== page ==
General Health and Its Effects on Infertility in Women

Posted: 5/27/2016 by Coastal Fertility Specialists
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On a day-to-day basis, our focus at Coastal Fertility is on reproductive physiology and its impact on couples trying to build a family. During our evaluation, we often see how an individual’s health can impact the reproductive potential. However, it is also important to understand that problems found during the infertility evaluation can impact the long term health of the individual. Today, we will look at general health and infertility in women. A common diagnosis at our center is Diminished Ovarian Reserve, which implies a reduced number of normal eggs. This can occur naturally thru aging, genetically, chemically induced (smoking, chemotherapy/ radiation), medically induced (diabetes, cardiovascular disease) and surgically (cystectomy, oophorectomy). These women are at increased risk for miscarriage and birth defects due to an increased presence of an abnormal number of chromosomes in a cell.

A 2001 study demonstrated a 2.7 fold increase in Down’s Syndrome in women, regardless of age, with a modestly elevated FSH (elevated FSH indicates poor ovarian reserve/quality). Remember FSH fluctuates, so that a single normal level does not mean there will be a reduced risk. Although it has not been published, an AMH of < 1.0 ng/ml is likely to carry a similar risk to the modestly elevated FSH. Women with premature ovarian failure have been associated with an increased number of CGG repeats in the FMR-1gene (Fragile X). In simple terms, these women have been associated with an increased risk for carrying the Fragile X gene, which is a common case of mental retardation. Young women with significantly diminished ovarian reserve (FSH 12+, AMH < 0.8), are likely to end up with premature ovarian failure and thus are also likely to be at increased risk for Fragile X issues and testing should be offered.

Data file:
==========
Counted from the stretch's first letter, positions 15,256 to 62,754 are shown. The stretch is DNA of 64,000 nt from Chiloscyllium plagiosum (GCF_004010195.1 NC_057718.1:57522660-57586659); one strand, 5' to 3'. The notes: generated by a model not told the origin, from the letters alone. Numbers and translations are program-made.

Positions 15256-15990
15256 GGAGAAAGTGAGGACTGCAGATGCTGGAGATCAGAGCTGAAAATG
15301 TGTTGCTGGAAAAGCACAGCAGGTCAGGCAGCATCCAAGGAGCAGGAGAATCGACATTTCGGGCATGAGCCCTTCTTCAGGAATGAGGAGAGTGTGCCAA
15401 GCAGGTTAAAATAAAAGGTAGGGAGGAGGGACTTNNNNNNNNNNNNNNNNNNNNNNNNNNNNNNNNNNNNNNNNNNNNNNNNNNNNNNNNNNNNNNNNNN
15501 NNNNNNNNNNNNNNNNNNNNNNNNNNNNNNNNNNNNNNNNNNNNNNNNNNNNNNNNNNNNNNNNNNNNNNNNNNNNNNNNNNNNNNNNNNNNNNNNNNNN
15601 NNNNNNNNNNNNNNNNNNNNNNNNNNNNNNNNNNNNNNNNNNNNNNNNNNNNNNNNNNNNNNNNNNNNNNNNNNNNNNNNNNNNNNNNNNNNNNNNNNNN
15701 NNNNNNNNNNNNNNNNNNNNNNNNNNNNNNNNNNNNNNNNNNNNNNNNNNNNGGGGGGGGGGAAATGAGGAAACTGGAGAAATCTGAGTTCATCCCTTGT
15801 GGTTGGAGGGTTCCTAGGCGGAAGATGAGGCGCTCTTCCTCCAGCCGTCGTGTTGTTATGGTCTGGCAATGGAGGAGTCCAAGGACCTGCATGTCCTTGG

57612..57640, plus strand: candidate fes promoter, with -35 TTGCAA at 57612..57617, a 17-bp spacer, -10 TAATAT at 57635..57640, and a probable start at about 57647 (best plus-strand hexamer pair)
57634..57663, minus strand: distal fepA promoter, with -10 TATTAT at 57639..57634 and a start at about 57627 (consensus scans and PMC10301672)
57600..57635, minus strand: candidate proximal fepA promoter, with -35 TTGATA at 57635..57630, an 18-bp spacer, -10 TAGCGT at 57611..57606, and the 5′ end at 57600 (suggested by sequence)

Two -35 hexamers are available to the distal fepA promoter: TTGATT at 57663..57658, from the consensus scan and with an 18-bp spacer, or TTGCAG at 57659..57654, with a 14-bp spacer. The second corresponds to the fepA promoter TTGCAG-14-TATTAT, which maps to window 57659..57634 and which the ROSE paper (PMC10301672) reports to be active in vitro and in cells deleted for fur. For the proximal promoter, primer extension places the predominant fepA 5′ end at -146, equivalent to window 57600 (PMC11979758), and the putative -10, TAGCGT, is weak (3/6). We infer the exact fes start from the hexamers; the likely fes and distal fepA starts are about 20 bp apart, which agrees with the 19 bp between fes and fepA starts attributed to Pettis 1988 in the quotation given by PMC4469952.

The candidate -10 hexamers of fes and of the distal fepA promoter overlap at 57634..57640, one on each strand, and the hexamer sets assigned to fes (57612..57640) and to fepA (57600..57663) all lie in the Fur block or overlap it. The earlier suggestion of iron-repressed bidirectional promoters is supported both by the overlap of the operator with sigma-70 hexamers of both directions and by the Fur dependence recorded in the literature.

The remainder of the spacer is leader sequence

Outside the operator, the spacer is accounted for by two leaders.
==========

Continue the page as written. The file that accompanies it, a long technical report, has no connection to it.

Two common disorders that can impact reproductive function for both women and men are diabetes and hypertension. Control of each of these is important prior to attaining pregnancy as well as for long term health. In addition, both can have a detrimental impact on ovarian reserve long term. For women with diabetes, there is an increased risk of miscarriage, birth defects, fetal growth issues, pre-term delivery and perinatal mortality. The goal of these women is normal glucose control and can be achieved with insulin, glyburide or metformin along with weight loss and an appropriate diet. The goal in controlling hypertension is to moderate the blood pressure to help maintain adequate circulation and nutrition to the baby.

Autoimmune diseases are a series of over 80 disorders where the immune system attacks normal tissues. About 75% of the individuals affected by autoimmune disorders are women, many of reproductive age. In autoimmune diseases, the connective tissue is often affected, but all tissues can be affected including the endocrine system. In addition, many of the treatments can be detrimental to reproductive function. Women with autoimmune disorders should have their infertility evaluation sooner, and in particular, a close look given to their ovarian reserve testing. Many can do well in pregnancy if they receive treatment early.

If you have any of the conditions discussed in this blog, there is hope! Coastal Fertility offers all types treatments which can help you realize your dream of starting your own family, from IVF, Donor Egg and Sperm to Surrogacy. There are also screenings that can be done on an embryo’s before implantation to ensure it is healthy.

For more information on these conditions are their associated risks, please contact Coastal Fertility Specialists at 843-883-5800 for a consultation and testing.